Last updated by Sascha Brockel on 22 August 2023
Expected Reading Time: 9 minutes
A common and frustrating problem faced by many PC and laptop users is the unwanted wake-up from sleep mode. This phenomenon can have multiple causes, from system-internal updates to external interference.
Often, certain hardware components such as the mouse or keyboard are responsible for this, as they can send a signal to the computer when the slightest movement or touch is detected. Likewise, scheduled tasks, such as updates or security checks, can interrupt the sleep mode.
Troubleshooting is sometimes difficult, but requires a combination of system settings, driver updates, and disabling hardware devices if necessary to stop the unwanted wake-up.
Personal case with FRITZ!Box
For some time I have been using the tool Syncthing, which synchronizes files 1 to 1 between multiple devices. This can be thought of as a kind of OneDrive or Dropbox. I have long configured my PC so that I can start it via Wake On LAN (WOL). However, since I started using the tool, my computer regularly woke up a few minutes to 20 minutes later at the latest, which I didn't want at all because I went to sleep or left the house, for example.
I had to search for a long time to find out what the reason for the wake-up was. I had suspected Syncthing, since it occurred exactly since the setup. Temporarily, I had no choice but to disable the wake-up of the computer in the network adapter, which I found very unfortunate, since I liked to turn on my PC via Alexa.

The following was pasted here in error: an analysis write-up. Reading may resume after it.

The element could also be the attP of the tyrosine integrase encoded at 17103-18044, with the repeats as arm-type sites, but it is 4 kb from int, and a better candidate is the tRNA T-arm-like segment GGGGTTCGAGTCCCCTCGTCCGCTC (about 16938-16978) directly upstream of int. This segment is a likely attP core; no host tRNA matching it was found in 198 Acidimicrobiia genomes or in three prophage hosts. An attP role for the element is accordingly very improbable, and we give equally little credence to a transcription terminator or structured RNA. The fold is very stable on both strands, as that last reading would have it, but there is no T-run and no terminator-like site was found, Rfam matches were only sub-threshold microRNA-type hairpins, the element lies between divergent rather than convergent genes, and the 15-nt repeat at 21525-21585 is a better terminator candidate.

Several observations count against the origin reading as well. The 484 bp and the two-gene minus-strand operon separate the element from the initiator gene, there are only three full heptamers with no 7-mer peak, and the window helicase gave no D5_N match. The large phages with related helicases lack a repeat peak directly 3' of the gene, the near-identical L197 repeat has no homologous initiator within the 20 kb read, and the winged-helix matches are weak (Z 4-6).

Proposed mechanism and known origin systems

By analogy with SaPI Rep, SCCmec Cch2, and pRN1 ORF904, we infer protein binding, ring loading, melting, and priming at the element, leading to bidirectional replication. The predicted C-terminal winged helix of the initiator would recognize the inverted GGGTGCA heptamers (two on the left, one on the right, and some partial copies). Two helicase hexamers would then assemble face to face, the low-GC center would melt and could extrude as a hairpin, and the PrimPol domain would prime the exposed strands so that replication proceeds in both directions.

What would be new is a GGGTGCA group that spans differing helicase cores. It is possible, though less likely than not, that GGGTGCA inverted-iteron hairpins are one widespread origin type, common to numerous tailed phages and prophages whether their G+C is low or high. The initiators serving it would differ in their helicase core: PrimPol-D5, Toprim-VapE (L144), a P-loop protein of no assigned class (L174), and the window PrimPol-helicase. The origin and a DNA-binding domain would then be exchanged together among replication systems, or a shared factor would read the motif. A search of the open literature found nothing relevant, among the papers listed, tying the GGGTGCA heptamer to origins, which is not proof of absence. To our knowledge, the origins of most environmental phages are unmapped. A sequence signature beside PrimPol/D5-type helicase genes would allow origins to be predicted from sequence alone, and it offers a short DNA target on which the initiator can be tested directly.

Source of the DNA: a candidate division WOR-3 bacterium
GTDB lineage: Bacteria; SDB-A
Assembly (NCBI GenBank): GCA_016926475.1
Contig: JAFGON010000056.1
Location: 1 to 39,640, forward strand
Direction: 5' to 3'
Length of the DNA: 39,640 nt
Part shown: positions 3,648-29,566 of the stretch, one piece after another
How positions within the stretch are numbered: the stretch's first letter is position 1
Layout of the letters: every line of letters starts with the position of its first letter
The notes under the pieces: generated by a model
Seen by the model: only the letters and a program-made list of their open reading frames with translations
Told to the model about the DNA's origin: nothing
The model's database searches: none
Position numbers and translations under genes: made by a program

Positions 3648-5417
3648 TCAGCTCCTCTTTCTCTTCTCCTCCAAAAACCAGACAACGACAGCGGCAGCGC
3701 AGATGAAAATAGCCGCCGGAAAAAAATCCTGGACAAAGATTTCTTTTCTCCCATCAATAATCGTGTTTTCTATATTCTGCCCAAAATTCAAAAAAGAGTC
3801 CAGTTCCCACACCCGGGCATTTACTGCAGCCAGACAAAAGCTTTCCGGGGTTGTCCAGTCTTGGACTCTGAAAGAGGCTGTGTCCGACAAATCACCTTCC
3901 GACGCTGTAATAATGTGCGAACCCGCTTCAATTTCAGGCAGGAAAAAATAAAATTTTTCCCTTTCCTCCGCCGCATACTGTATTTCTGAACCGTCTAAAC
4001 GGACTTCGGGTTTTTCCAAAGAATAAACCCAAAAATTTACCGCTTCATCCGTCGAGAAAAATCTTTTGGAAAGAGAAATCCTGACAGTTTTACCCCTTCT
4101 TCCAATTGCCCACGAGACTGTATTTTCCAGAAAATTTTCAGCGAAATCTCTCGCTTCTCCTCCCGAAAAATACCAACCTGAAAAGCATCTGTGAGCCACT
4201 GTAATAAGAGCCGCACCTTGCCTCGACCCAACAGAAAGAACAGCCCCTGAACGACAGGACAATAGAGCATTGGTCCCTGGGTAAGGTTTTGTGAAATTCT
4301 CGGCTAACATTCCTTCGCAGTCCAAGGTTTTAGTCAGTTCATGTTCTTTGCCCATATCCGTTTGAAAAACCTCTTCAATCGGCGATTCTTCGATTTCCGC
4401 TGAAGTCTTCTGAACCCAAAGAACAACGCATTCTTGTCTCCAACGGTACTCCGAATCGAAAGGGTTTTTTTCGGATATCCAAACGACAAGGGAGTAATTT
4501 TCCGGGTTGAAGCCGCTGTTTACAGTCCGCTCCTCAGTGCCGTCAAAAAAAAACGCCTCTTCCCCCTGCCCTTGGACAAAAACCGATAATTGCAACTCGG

Finding the needle in the haystack
When it comes to WOL being triggered by another device, as presumably here by my server, you still need a laptop or other PC that can record network traffic while the actual affected PC is idle. The solution requires the use of WireSharka network analysis tool to check the exact network traffic. This must now be installed on the secondary device. The tool has been on the software market for ages and is free of charge. You can also download the program as Docker Container install on its server.
Once installed, the program allows you to easily record network traffic. To do this, select the network adapter in the program via which the Internet is currently connected. This is usually already preselected and you do not have to change it. For a LAN connection it would often be Ethernet and for WLAN it would be WLAN or WiFi. To record, press the button in the upper left corner, which looks like a shark fin. This button turns gray and the stop button turns red and active.
The first network traffic should now be visible. However, as we now want to know where the Wake On LAN message is coming from, we enter "wol" (the abbreviation for Wake On LAN) in the top bar and press the Enter key. Now only entries with the protocol "WOL" are filtered. This can also be seen in the following image.